MathOverflow is a question and answer site for professional mathematicians. Join them; it only takes a minute:

Sign up
Here's how it works:
  1. Anybody can ask a question
  2. Anybody can answer
  3. The best answers are voted up and rise to the top

Let A = $\{a_1,...,a_n\}$ be a set of numbers. We can assume all elements of A are integers.

Is there any efficient way to partition A into two sets B = $\{b_1,...,b_k\}$ and C = $\{c_1,...,c_l\}$ such that $|(b_1...b_k) - (c_1...c_l)|$ is minimal?

Is the problem anything easier if we let A be a set of strictly positive integers? What if we only let prime numbers?

share|cite|improve this question
I assume you want the absolute value of prod(B) - prod(C)? Otherwise (at least for positive integers) it's trivial. – Harrison Brown Dec 2 '09 at 1:31
You are right. I knew I missed something when writing down the problem.. Thanks – Jernej Dec 2 '09 at 1:39
up vote 2 down vote accepted

I suspect that it's NP-hard even to check whether you can get prod(B) - prod(C) = 0, although there's a problem with the obvious argument that I don't know off the top of my head how to fix.

"Reduction" from subset sum: If you have a set S of integers, replace each integer $k \in S$ with $2^k$. Then this new set can be partitioned into two parts with the same product iff the original set could be partitioned into two parts with the same sum.

The problem is that our new integers are exponentially large compared to the original ones, which means that this isn't actually allowed as a reduction. But I think it's morally correct, since the hardness of subset sum is controlled by the size of the set rather than the lengths of the elements.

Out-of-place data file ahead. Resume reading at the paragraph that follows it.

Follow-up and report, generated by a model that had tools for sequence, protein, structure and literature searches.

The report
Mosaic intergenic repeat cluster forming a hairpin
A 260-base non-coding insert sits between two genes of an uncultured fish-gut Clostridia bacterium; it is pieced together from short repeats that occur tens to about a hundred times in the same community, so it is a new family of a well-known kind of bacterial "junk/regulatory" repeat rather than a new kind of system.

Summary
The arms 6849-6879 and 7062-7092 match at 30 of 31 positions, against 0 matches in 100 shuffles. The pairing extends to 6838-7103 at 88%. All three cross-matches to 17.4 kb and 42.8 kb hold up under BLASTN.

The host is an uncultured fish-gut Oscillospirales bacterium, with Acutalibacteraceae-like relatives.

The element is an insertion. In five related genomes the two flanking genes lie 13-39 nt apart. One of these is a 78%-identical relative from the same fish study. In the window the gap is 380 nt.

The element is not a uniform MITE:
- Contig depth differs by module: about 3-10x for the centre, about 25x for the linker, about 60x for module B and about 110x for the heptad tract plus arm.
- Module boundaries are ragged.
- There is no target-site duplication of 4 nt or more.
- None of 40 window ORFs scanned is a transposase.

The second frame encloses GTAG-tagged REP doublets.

share|cite|improve this answer
Here's how to fix it (sorry for being 2 months late but I just saw the question). There's a randomized reduction that works based on your observation. Let M be the absolute value of the largest number in S, and note all numbers of S are represented in O(log M) bits. Pick a random prime p in the interval [2, 2^n n^2 log(M)]. Now replace each k in S with 2^k mod p. It is easy to see the above is a polytime reduction. It works whp because the total number of subsets is at most 2^n, and the probability that some S has a solution (when it really shouldn't) can be seen to be at most 1/(n 2^n). – Ryan Williams Feb 21 '10 at 6:45

actually it works the other way around. partition (partition elements into two sets that have equal sum) is polytime if the input sizes are written in unary. If you take this problem and take logs, then the decision problem of determining whether there's a solution where they are equal is solvable via the PARTITION dynamic program, and since the bit sizes are reduced, it's poly time.

there's some nastiness with the log, but I'll handwave and say that you only need enough bits to distinguish two integers, so you can do it with bounded number of bits.

p.s subset sum is poly in the size of the elements btw via the same DP

share|cite|improve this answer
Subset sum is exponential in the number of bits of precision of its inputs. And to distinguish between integer products that may themselves be exponential in the input numbers, you need a polynomial number of bits of precision. So this doesn't seem to be good enough. – David Eppstein Dec 2 '09 at 4:51
makes me wonder if a randomized fingerprinting strategy might work. – Suresh Venkat Dec 2 '09 at 17:49

Your Answer


By posting your answer, you agree to the privacy policy and terms of service.

Not the answer you're looking for? Browse other questions tagged or ask your own question.